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Black women four times more likely to die in childbirth

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Black women are more likely to die during birth Black women are more likely to die during birth

Black women are more than four times more likely to die in pregnancy or childbirth than white women in the UK, a new report has found.

Additionally, the Mothers and Babies: Reducing Risk through Audits and Confidential Enquiries across the UK (Mbrrace) report found that women from Asian backgrounds are almost twice as likely to die as white women. Some 495 individuals died during pregnancy or up to a year after birth, out of 2,173,810 having a child.

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‘Pregnancy and childbirth in the UK continue to be a safe experience for most women. However, we remain deeply concerned that mortality rates among Black women are four times higher than white women and twice as high if you are Asian or from another minority ethnic background. All those involved in commissioning and delivering maternity services must work together to address this unacceptable disparity,’ said RCM’s Director for Professional Midwifery, Dr Mary Ross-Davie.

‘Also, it’s crucial that clinicians are aware of this increased risk and have a low threshold for assessment or admission of Black, Asian and minority ethnic women to ensure they receive the appropriate assessment and specialist care.’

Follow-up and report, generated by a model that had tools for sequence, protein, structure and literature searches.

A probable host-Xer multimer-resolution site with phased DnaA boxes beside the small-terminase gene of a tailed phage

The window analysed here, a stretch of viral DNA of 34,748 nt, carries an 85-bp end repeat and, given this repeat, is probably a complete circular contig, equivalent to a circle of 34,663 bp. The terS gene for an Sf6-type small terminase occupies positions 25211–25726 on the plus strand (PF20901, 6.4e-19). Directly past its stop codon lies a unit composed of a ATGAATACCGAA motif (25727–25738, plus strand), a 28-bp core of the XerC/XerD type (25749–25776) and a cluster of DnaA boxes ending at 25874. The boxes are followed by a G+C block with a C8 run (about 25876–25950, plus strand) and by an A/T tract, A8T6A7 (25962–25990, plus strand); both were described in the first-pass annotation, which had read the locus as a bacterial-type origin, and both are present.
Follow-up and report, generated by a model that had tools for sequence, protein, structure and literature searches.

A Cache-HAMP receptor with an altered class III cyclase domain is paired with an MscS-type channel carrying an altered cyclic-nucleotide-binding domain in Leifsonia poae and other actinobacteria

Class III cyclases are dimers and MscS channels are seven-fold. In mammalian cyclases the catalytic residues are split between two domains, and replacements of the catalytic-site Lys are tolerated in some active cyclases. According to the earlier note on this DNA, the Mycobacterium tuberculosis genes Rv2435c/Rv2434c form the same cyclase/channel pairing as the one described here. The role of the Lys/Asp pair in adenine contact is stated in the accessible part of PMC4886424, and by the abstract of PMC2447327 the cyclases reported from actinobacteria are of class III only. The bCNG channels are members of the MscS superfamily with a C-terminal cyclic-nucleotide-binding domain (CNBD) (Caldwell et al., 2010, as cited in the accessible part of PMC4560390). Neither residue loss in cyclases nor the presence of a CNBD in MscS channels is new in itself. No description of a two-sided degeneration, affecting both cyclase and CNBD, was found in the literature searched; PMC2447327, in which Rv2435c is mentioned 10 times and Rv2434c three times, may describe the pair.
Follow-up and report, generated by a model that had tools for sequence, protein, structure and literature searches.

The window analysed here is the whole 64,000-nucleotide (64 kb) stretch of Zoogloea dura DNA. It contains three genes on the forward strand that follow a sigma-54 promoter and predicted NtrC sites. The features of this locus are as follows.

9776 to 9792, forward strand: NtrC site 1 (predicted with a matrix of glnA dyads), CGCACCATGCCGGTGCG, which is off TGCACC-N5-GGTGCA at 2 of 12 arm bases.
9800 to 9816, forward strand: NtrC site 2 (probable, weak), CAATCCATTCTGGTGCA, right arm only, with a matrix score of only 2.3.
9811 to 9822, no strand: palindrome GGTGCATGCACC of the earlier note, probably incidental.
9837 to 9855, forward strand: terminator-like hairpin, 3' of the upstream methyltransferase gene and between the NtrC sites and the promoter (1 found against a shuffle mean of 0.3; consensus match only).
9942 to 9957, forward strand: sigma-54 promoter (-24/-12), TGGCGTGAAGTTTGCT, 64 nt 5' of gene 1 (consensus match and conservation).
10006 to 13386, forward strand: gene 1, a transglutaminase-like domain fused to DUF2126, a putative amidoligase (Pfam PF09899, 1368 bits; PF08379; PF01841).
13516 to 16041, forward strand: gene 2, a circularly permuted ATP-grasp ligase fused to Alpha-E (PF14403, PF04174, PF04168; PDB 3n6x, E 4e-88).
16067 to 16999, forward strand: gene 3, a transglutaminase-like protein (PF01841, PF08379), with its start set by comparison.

The report shows heart disease, epilepsy and stroke continue to be the most common causes of death. In some 37% of cases, improvements in care may have made a difference to the outcome.

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‘Tragically, this report highlights maternal suicides, where improved care might have affected the outcome. High quality perinatal mental health services are essential to maternity care and every Trust or Board should have a specialist service that includes a specialist perinatal mental health midwife,’ added Dr Ross-Davie.

‘The RCM has long called for specialist perinatal mental health provision in all Trusts and Health boards and this report highlights once more the urgent need to improve this provision. In many parts of the UK, these midwife roles do not exist or are very limited. This means many women who need additional support may not receive the right care.’

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